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The AAPG/Datapages Combined Publications Database

AAPG Bulletin


Volume: 49 (1965)

Issue: 3. (March)

First Page: 349

Last Page: 349

Title: Cretaceous Strike-Valley Sandstones, Northwestern New Mexico: ABSTRACT

Author(s): Donald G. McCubbin

Article Type: Meeting abstract


Cretaceous sandstone bodies, which are the principal oil reservoirs in the San Juan Basin, have been interpreted as offshore bars related to deposition of the regressive Gallup Sandstone. A detailed outcrop and subsurface study in the northwestern San Juan Basin indicates that these sandstone bodies are strike-valley sandstones in the transgressive marine "basal Niobrara" unit which rests unconformably on the Gallup Sandstone and older units.

Paleotopography of the pre-Niobrara unconformity consisted of northwest-southeast trending cuestas and intervening strike valleys with local relief of over 100 feet. Cuestas and valleys are related to the subcrop of alternating resistant and non-resistant units in the truncated sequence. Elongate, lenticular sandstone bodies overlying the unconformity occur in strike valleys on the northeast side of cuesta scarps. Individual sandstone bodies, with a maximum thickness of about 50 feet, lap out to the southwest against the cuestas and thin to the northeast by facies change to shale. Younger sandstone bodies extend progressively farther to the southwest.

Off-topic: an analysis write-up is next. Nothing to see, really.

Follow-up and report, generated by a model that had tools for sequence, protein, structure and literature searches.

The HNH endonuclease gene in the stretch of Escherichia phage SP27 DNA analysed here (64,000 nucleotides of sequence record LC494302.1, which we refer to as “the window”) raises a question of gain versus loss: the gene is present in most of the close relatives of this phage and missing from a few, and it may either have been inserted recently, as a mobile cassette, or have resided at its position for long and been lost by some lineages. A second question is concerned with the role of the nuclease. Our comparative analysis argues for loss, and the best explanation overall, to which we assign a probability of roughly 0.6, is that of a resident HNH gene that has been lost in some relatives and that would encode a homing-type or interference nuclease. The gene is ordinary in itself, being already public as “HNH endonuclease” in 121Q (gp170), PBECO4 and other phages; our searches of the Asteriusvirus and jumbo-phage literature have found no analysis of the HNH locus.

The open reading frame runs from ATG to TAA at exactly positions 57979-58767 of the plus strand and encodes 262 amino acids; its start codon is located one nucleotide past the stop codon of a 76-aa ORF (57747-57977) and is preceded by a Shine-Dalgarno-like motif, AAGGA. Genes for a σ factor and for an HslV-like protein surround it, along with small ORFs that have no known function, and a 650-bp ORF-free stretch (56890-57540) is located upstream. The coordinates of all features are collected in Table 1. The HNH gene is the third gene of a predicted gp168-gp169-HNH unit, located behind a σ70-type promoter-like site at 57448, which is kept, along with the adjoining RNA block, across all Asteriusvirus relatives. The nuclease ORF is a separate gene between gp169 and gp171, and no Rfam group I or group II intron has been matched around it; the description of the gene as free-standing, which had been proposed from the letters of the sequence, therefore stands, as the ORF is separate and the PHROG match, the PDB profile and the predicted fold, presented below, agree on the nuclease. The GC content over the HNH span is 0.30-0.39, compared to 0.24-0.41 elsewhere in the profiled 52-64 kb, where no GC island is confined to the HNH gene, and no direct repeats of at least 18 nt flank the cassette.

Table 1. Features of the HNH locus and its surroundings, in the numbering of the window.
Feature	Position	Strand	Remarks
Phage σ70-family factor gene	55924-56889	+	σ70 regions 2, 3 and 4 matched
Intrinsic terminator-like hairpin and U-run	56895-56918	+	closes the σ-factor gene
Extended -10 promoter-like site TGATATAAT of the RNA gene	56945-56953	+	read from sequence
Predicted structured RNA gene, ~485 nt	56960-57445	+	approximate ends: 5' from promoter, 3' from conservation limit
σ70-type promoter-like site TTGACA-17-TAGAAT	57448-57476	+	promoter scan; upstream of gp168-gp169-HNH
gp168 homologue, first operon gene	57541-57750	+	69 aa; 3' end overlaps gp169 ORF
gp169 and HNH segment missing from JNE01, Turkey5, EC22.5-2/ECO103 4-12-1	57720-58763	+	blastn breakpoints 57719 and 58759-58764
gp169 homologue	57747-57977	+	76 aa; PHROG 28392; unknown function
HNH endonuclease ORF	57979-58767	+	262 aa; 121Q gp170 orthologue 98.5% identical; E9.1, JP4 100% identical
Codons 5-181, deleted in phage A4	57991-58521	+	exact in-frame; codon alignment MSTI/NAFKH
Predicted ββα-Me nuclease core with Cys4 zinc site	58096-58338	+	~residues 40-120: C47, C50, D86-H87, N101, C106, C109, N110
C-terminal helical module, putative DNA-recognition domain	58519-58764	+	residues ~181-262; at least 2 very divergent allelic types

Basal Niobrara sandstones are fine to coarse grained and glauconitic, and contain marine macrofossils. Interbedded and laterally equivalent shales also contain marine fossils, including both benthonic and pelagic forms. The sandstones are characterized by broadly lenticular sets (up to 6 feet thick) of high-angle cross-stratification. Measurements of cross-stratification dip directions at 20 localities indicate transport by currents flowing generally southeastward.

These sandstones are best interpreted as nearshore marine sands deposited in strike valleys on the seaward side of cuesta scarps during a general transgression to the southwest. During the transgression, cuesta ridges acted to stabilize temporarily the position of the shoreline, permitting accumulation of sand nearshore while clays were deposited farther offshore to the northeast. Transport of sand was largely in the form of underwater dunes migrating alongshore to the southeast.

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Copyright 1997 American Association of Petroleum Geologists